Demeter International is a global organization founded in 1928, named after the Greek goddess of agriculture. The organization’s mission is to promote Biodynamic farming and certify Biodynamic farms. Demeter is the world’s oldest ecological certification organization, operating in fifty countries.
In 1928 it was registered as a trademark and run by Erhard Bartsch, a German agronomist. He was very involved in the movement and also ran the Experimental Circle of anthroposophical (biodynamic) farmers. He, along with German chemist Franz Dreidax, chose the name Demeter. Dreidax oversaw the development of the Demeter criteria as well as quality control.
The name Demeter has become well-known around the world. In 1934 Melbourne, Ernesto Genoni and Ileen Macpherson, both members of the Experimental Circle, created Demeter Biological Farm and ran it for 20 years. In 1985, Demeter became a non-profit organization in the United States.
While all the organic certification requirements under the National Organic Program apply to Biodynamic certification, the Demeter standard is far more stringent, with stricter requirements for imported fertility, a greater emphasis on on-farm disease, pest, and weed control, and more detailed specifications for water conservation and biodiversity. Consumers are given an increased level of trust in the products.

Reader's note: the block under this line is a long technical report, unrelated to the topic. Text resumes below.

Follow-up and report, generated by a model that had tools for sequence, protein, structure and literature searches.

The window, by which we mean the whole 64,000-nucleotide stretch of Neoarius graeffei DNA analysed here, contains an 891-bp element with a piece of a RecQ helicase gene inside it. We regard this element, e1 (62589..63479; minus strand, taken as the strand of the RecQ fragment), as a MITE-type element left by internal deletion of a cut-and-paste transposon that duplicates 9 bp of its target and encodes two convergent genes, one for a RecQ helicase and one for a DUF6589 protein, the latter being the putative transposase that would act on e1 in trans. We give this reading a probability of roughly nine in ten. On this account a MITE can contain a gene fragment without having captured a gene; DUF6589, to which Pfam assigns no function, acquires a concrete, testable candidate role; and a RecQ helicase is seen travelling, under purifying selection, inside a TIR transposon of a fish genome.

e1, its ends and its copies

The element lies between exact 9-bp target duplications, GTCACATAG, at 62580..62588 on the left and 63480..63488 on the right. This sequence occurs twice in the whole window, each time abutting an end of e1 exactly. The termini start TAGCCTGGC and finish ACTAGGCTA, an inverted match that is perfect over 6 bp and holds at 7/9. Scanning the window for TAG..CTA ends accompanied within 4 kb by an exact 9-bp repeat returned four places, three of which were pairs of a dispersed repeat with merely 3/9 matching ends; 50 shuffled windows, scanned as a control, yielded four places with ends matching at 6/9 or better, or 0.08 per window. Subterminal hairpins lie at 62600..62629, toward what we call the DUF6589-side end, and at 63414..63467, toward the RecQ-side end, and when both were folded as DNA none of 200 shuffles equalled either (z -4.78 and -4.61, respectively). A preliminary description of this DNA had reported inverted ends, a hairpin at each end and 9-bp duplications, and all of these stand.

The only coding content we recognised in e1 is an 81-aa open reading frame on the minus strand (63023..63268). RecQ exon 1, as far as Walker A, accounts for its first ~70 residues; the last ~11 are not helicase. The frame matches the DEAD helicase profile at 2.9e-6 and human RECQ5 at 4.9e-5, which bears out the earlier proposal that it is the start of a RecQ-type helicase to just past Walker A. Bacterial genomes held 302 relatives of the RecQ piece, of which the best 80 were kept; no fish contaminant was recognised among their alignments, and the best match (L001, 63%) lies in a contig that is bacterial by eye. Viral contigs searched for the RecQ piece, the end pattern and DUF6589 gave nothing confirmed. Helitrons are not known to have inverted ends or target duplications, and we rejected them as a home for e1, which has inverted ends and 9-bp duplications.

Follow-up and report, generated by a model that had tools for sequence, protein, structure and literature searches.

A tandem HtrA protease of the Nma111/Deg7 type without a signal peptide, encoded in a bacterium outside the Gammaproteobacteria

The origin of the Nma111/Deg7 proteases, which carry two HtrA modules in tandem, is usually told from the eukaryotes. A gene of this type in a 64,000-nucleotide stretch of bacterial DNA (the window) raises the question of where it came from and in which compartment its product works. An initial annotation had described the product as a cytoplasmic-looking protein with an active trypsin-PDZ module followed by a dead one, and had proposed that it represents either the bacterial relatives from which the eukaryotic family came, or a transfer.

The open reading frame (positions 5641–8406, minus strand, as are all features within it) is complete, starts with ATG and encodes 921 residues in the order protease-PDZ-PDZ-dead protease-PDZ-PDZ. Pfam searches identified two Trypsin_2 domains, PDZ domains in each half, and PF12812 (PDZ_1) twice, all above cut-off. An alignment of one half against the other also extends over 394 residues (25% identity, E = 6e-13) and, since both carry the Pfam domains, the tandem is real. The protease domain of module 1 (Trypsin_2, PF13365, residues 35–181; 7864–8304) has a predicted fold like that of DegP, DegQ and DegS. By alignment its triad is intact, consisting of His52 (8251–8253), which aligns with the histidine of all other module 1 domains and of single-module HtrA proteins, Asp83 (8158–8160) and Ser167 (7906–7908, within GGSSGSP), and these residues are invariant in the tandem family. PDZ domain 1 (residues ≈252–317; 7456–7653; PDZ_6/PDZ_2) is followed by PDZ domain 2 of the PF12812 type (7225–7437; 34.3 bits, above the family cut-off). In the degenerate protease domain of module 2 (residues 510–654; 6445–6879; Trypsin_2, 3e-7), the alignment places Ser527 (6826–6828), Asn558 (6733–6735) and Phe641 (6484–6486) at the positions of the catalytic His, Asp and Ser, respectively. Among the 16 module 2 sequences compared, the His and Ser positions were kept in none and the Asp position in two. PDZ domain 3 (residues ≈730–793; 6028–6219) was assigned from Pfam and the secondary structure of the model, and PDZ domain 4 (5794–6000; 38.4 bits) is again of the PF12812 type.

Farmers and businesses are coming to believe that Biodynamic certification is all they need as customers develop a better awareness of Biodynamic standards and gain a greater level of experience with the quality of Biodynamic products.
When it comes to wines, the certification solidifies farmers’ compliance with the criteria, ensuring that consumers receive the best tasting and highest-quality wines. It is rewarded by charging a higher price for any food verified with the “Demeter” mark, which typically yields a 10%-30% price increase.
Despite generating only 1% of all wines produced in the United States, Oregon has 52% of the total vineyard acres that have achieved biodynamic certification from Demeter. According to their data, Oregon has 15 wineries that match their certification criteria, with another 30 claiming to follow biodynamic principles but are not formally accredited.
To put this figure in context, only 83 wineries in the United States have received Demeter USA’s biodynamic certification. The history and culture of sustainability in this state explain the high percentage of biodynamic-certified acres.